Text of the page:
Cranberry Sauce - While cranberries are just fine for you pup, you will want to avoid sharing cranberry sauce. No matter if it is store-bought or home made, it will have way too much sugar for your dog. You can share dried cranberries with your pup but before you do, check the ingredients some dried cranberries have added sugar or our sweetened with fruit juice. Apple juice sweetened cranberries are ok but be wary of cranberries that are sweetened with grape juice as these will make your pup sick.

Green bean casserole - Sharing some fresh green beans with your pup is a great way to allow them to indulge safely but you will want to keep them away from green bean casseroles. These contain additional fat and dairy and are usually topped with fried onion straws.

Creamed corn or corn pudding - While corn won’t make your pup sick, the added cream and bacon or onions in dishes like creamed corn or corn pudding can. If you want to share some corn with your dog on the holiday keep it plain but off the cob.

The main course

Feed these in moderation:

Turkey - Like you, your dog has probably been smelling the turkey all day and is so ready for their fair share. Its completely okay to offer your pup some turkey under a few conditions. Offer white meat with no skin, turkey bones, or gravy. Cooked bones are dangerous for dogs as they can splinter - no one wants to end dinner with an emergency trip to the vet!

Chicken - If you are having a smaller gathering this year or simply prefer to roast a chicken, this is also okay to share with your dog. Same rules apply as the turkey, keep the skin, bones and gravy off your pup's plate.

Fish - If your family is pescitarian or simply enjoys having some fish on the Thanksgiving table, it might be ok to share with your dog. If you bake your fish in a creamy or fatty sauce, consider leaving a piece plain for your pup to enjoy. Salmon and whitefish are among the best choices. You can even share plain oysters with your pup. Avoid sharing fish like tuna that can have high mercury content.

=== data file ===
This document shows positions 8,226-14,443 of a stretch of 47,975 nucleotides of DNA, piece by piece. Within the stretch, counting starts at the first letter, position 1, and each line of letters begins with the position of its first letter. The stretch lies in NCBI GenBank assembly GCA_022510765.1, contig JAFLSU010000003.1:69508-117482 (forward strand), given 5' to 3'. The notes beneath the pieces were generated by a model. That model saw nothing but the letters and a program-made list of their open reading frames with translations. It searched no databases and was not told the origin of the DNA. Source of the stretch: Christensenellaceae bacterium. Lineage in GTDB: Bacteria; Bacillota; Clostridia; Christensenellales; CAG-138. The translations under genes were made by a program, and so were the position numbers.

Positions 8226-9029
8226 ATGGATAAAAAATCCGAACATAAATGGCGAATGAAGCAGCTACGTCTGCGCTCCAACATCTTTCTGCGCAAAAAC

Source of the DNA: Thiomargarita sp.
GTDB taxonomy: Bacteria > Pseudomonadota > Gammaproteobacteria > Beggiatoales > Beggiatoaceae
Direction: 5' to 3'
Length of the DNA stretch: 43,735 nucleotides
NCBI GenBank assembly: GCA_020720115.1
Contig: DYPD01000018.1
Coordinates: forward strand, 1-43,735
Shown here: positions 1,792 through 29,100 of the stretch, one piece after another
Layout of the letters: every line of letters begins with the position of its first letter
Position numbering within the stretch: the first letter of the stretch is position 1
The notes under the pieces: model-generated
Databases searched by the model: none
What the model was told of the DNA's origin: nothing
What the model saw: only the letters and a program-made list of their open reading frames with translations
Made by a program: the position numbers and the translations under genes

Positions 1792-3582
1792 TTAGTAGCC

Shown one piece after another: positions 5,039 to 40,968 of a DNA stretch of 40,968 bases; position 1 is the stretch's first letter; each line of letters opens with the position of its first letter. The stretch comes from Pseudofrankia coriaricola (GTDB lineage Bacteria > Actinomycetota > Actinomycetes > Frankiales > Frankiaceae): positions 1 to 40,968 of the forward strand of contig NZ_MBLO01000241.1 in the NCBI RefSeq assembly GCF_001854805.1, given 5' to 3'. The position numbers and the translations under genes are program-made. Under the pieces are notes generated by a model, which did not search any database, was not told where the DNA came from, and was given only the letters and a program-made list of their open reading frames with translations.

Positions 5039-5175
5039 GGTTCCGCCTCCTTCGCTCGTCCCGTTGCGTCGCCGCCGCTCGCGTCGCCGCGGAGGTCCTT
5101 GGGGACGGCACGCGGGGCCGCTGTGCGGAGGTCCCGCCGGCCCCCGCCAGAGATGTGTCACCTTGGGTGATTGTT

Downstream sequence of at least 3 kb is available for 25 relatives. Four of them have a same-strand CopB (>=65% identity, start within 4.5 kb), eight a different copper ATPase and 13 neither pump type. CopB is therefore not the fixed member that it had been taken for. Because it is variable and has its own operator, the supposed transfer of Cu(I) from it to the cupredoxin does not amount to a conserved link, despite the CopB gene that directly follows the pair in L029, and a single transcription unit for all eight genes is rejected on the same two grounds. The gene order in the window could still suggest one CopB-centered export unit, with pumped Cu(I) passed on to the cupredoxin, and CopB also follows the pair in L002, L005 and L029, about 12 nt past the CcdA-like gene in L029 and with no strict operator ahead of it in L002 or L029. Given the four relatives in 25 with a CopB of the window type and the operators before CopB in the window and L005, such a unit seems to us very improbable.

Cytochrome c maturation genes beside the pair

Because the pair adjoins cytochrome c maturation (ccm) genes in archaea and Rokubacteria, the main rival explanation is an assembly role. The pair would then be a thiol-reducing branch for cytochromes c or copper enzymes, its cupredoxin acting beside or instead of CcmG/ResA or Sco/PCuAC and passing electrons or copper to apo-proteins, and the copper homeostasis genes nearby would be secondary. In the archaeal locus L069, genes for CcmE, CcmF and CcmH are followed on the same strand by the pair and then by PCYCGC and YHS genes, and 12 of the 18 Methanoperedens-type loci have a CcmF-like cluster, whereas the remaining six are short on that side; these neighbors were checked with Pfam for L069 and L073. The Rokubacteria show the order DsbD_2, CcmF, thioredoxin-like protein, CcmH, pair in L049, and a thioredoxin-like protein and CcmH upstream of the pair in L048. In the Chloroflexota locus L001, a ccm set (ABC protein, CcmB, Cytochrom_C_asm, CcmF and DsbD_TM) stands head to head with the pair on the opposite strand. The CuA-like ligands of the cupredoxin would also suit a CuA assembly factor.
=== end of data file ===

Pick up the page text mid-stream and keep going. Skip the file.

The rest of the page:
Skip these altogether:

Ham - Avoid sharing holiday ham with your dog. It is high in both fat and salt which can lead to upset stomach or pancreatitis

cute-pug-begs-for-lemon-meringue-pie

Dessert

Feed these in moderation

Fresh fruit - If you want to give your dog a sweet but healthy treat consider a piece of fruit while all the humans chow down on pie. Great choices include berries, apples or melon. As out of season fruit can be pricey you might want to stick to what is in season.

Whipped cream - If you are making some whipped cream (or throwing some store bought in a bowl), you can certainly share a taste with your dog. For lactose intolerant pups, consider coconut whipped cream.

Special puppy pie - If you want to make a special dessert for your best friend you can make them their own puppy pie. Take some dog treats and crush them up, spoon into a small ramekin. Top with pumpkin puree (not pie filling) that you can sweeten with a touch of honey and sprinkle of cinnamon and a drop of whipped cream.

Skip these altogether

Pecan and pumpkin pies - These are definitely a no-go for your pup. Loaded with nuts, sugar and spices like nutmeg they are sure to make your pup sick. Even if they don’t they are much too high in fat and calories. Consuming this much sugar regularly can put your pup on the path to obesity or diabetes.

Cookies, cakes and other baked goods - These should also be a no-go for your pup. In addition to a lot of butter, oil and sugar many popular recipes feature ingredients that can make your dog sick. Watch out for chocolate chips or shavings, nutmeg, raisins and nuts like macadamias.

ollie-fresh-turkey-recipe-for-dogs

When in doubt, fix a plate of Ollie

If you got exhausted just reading this list, we have another solution for you! Ollie's Turkey recipe is the perfect Thanksgiving treat. You can forget about the table scraps and offer your dog something that was prepared especially for them.

In addition to gently cooked human-grade turkey breast and liver we add superfoods like kale, blueberries, and pumpkin to make a well balanced and nutritionally complete meal. These ingredients contain antioxidants to keep inflammation at bay and plenty of fiber to support healthy digestion. Our lean proteins and perfect portions will help keep your pup energized and at a healthy weight.

Since we offer 2-day shipping its not too late to have some on your doorstep before the big day. Tell us about your pup and we’ll figure out the perfect meal plan for them. You can then have the perfect portions sent straight to your door. Our meals aren't just for Thanksgiving! They last up to 6 months if you keep them frozen. Once thawed and opened your pet should enjoy within four days.

The Ollie blog is devoted to helping pet parents lead healthier lives with their pups. If you want to learn more about our fresh, human-grade food, check out MyOllie.com.